Tax Tips for Prize Winners

For those of you who read here regularly, I don’t normally have Guest Posts, but Intuit answered a question of mine about lottery winnings and payment (see in article) and, I am giving away 5 TurboTax On-Line Licenses! The contest will run until 6:00 PM on April 19th.

To enter, answer the following question (in the comments section of this article, and include a valid E-mail Address):

If I bought my Lotto Max ticket with Petropoints, are my winnings now taxable?

Tax Tips for Prize Winners

By Jennifer Gorman, TurboTax

Earlier this year, it was announced a Mississauga woman had won Canada’s largest lottery jackpot ever – $64 Million. We’ve all dreamed about winning the lottery, retiring early, living a life of luxury and taking vacations at any time. With that said, let’s take a look at what winning the lottery means in terms of taxation for any lucky winners.

Casinos and Lotteries

Canadians are in luck when it comes to lottery and most casino winnings as they are considered windfalls and are tax-free! Even winnings from most sports pools, sweepstakes, or lotteries sponsored by a charitable organization are generally tax-free.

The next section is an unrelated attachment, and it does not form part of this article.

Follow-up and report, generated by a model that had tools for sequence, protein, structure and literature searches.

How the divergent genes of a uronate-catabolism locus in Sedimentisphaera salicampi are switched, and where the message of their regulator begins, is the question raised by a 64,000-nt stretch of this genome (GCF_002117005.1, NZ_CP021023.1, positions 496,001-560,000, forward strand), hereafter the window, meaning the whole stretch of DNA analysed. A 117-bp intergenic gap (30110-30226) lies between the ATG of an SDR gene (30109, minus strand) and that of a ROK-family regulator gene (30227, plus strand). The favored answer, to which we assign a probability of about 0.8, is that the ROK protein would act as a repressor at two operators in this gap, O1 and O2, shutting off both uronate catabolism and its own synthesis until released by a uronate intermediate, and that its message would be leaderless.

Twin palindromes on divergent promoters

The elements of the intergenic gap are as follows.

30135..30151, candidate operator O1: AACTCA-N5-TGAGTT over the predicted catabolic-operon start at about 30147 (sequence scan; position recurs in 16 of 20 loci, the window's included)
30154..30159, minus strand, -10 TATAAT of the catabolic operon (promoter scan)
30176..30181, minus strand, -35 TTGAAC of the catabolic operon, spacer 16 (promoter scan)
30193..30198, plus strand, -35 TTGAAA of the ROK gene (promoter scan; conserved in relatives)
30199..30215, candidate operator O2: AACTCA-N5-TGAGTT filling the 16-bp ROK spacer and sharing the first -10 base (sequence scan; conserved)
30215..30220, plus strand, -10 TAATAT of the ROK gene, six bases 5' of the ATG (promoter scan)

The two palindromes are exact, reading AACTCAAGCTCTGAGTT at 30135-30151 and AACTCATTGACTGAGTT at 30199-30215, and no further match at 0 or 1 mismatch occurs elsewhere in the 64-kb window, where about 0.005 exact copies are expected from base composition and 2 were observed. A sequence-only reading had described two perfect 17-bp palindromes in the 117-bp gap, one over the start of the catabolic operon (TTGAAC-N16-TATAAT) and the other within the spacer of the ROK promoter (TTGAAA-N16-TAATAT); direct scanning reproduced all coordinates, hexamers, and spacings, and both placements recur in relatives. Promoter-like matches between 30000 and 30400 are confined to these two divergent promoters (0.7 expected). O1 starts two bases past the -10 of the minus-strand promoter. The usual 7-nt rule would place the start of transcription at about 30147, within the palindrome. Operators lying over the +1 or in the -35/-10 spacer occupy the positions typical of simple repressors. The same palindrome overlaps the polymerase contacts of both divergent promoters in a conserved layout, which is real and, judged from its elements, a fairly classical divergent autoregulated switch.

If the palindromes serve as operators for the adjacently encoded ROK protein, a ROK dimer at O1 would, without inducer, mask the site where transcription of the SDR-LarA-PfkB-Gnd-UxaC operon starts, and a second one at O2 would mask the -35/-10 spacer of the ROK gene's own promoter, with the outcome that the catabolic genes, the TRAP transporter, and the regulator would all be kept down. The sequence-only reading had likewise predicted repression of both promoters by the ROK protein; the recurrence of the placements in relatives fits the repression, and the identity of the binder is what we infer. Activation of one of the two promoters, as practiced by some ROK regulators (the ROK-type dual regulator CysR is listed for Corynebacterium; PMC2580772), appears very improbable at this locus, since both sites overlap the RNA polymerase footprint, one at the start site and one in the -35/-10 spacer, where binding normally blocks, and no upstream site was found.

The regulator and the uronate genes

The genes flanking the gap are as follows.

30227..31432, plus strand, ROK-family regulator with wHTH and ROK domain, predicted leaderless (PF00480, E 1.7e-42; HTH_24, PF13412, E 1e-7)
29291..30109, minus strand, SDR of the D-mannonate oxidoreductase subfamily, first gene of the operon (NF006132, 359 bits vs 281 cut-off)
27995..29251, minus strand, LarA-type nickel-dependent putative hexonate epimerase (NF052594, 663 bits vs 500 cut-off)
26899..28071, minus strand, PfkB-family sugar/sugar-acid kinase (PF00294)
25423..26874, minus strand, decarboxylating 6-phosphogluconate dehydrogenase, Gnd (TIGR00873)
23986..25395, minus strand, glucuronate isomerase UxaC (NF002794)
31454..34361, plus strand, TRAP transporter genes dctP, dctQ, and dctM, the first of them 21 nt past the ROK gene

However, while the Canada Revenue Agency (CRA) doesn’t require you to pay tax on the winnings themselves, you are subject to tax on any money your windfall generates. Interest earned from bank accounts, GICs, and savings bonds is considered taxable income and must be reported on your tax return.

Does method of payment for the winning ticket make it taxable? No, method of payment for your ticket, even if it’s given to you as a gift, doesn’t change that the winnings are considered non-taxable windfalls.

Thinking of going pro as a card shark? The CRA has recently begun examining how “winnings” by professional gamblers are treated. Because of the expectation of profit, the theory is that monies won by professional gamblers should be classified as business income and subject to tax like any other type of business income. This means professional gamblers could also deduct related “business” expenses such as travel expenses, tournament fees, and equipment used in gambling. This theory is interesting as it opens to door to claiming a business loss if you didn’t win enough to cover your gambling expenses.

Workplace contests

Prizes won through your workplace are generally counted as part of your income. Your employer will deduct income tax, Canada Pension Plan and in some cases, even Employment Insurance premiums on this type of award. Your T4 will have the amount of the taxable benefit listed in box 40.

The one potential exception to this if you win a prize in a draw by a social committee in your workplace. If the social committee, which is entirely funded by employee fundraising, paid for the prize, then any gifts or awards the social committee gives out are non-taxable. This isn’t the case if the committee is funded by the employer, as any gifts or awards the social committee gives out are taxable benefits.